From time to time, as you work at the arcade, there will be situations that need diffusing. Arguments between customers, abusive customers; the sadly standard stuff for most people who work with the public. In this time you must pick which situations to tackle, as you won’t be able to tackle them all. Who you decide to help, and the way you decide to help them, influences your relationship with that person.
Graphics & Audio
Graphically the game is actually rather pleasing to look at. The aesthetic matches the backstory to the game, and the character models are well designed. The backgrounds could do with a little work though, as in some places they are rather bland. Backgrounds are also reused a little too much for my liking personally, but this isn’t a dealbreaker. In terms of audio, Arcade Spirits once again manages to match the aesthetic of the backstory. The retro-sounding music matches the heyday of arcades, and even the small sound effects add to the overall experience.
All of this praise being said, Aracde Spirits is not without it’s issues. My main issue would be the inconsistent levels of actual dialogue from the character. You may find yourself talking to a character for a good few minutes. Yet in that time you may find that you only hear them say one word, such as “Yay!” or “Hmmm…” but there will be a mountain of text on the screen. You may find that of the 3 minutes you talk to them, they speak for 30 seconds in the middle and that is it. It was annoyingly inconsistent. No speech at all would even have been better than inconsistent levels of dialogue.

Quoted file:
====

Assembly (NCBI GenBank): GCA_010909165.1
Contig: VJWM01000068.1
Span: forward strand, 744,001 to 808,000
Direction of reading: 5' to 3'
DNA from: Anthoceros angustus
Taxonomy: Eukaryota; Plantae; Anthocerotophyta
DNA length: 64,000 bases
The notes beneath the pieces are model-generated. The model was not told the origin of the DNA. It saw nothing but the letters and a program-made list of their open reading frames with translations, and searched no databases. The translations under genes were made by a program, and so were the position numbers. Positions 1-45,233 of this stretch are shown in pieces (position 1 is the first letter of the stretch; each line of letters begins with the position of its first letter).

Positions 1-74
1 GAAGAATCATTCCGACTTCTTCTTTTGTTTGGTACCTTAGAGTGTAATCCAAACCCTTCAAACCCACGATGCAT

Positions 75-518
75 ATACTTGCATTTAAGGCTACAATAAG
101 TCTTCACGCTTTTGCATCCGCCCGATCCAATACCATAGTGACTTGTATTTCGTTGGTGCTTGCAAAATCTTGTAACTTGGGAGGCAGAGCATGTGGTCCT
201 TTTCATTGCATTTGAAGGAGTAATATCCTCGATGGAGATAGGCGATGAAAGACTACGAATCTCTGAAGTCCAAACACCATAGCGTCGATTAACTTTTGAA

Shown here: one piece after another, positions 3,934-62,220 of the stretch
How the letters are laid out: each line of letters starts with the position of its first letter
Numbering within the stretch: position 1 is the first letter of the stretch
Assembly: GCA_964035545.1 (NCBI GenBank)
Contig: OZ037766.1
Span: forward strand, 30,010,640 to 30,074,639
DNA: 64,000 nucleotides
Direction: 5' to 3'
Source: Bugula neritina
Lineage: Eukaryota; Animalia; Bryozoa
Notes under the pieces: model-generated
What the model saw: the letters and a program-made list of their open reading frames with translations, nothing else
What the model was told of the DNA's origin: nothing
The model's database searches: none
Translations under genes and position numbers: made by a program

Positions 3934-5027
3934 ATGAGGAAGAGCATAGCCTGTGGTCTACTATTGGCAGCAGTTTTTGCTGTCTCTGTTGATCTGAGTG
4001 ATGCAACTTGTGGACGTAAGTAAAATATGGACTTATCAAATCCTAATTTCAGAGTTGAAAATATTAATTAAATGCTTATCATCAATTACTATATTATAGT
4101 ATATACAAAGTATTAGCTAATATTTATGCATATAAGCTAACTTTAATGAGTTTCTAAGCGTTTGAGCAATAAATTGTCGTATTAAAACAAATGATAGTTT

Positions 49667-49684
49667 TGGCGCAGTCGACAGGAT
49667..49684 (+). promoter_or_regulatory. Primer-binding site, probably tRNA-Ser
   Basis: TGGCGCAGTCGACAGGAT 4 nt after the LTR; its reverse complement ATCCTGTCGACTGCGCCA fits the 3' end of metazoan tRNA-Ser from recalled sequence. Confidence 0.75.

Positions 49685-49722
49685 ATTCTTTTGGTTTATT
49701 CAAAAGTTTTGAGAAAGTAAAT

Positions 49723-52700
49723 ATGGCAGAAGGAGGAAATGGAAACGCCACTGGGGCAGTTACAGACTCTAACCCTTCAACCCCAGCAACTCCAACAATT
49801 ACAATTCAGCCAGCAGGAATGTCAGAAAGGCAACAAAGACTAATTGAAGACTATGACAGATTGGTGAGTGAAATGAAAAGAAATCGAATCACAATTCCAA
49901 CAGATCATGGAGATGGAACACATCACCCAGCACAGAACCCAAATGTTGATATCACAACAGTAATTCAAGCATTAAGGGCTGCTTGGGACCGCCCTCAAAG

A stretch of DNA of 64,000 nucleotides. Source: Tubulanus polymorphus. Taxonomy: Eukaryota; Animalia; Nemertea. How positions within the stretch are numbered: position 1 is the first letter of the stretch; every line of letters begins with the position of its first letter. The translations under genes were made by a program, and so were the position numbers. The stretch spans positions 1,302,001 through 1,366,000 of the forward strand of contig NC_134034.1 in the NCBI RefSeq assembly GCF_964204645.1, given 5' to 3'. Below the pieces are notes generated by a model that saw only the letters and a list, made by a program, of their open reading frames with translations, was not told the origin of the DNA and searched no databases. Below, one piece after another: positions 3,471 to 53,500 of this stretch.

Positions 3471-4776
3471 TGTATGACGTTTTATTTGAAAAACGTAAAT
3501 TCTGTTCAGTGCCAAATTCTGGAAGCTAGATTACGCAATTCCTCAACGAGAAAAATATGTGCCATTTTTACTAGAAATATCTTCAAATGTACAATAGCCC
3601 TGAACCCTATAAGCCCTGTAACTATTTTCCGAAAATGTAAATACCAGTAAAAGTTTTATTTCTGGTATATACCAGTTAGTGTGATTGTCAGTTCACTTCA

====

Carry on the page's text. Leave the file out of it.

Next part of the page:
My only other major gripe with the game comes from the screen between chapters. Every time you begin a chapter you are greeted with the above image. At first, I assumed it was because I had just started the game; fair enough. After a few times, it just became … well obnoxious if I’m being honest. It was also counter-productive. I assume it was shown to reinforce who is behind the game, but in the end, I ended up not caring.
If I had to sum up my experience of Arcade Spirits I would say that it is, overall, an enjoyable visual novel/dating sim. The game itself is aesthetically pleasing, with an interesting story and characters I couldn’t help but find myself connecting to. The game tackles some modern-day issues very well, such as that of mental health and the issues that online personalities face. A worthwhile game to play, despite the issues it has.
Arcade Spirits offers a great visual novel/dating sim experience. Characters are easy to connect with, and the aesthetic of the game fits perfectly with the game’s setting. Arcade Spirits brilliantly tackles such as mental health, and pressure on online personalities to perform, adding to the ability to connect with the characters. Unfortunately, inconsistent dialogue and an obnoxious start screen at the beginning of every chapter take away from what is otherwise a fun experience.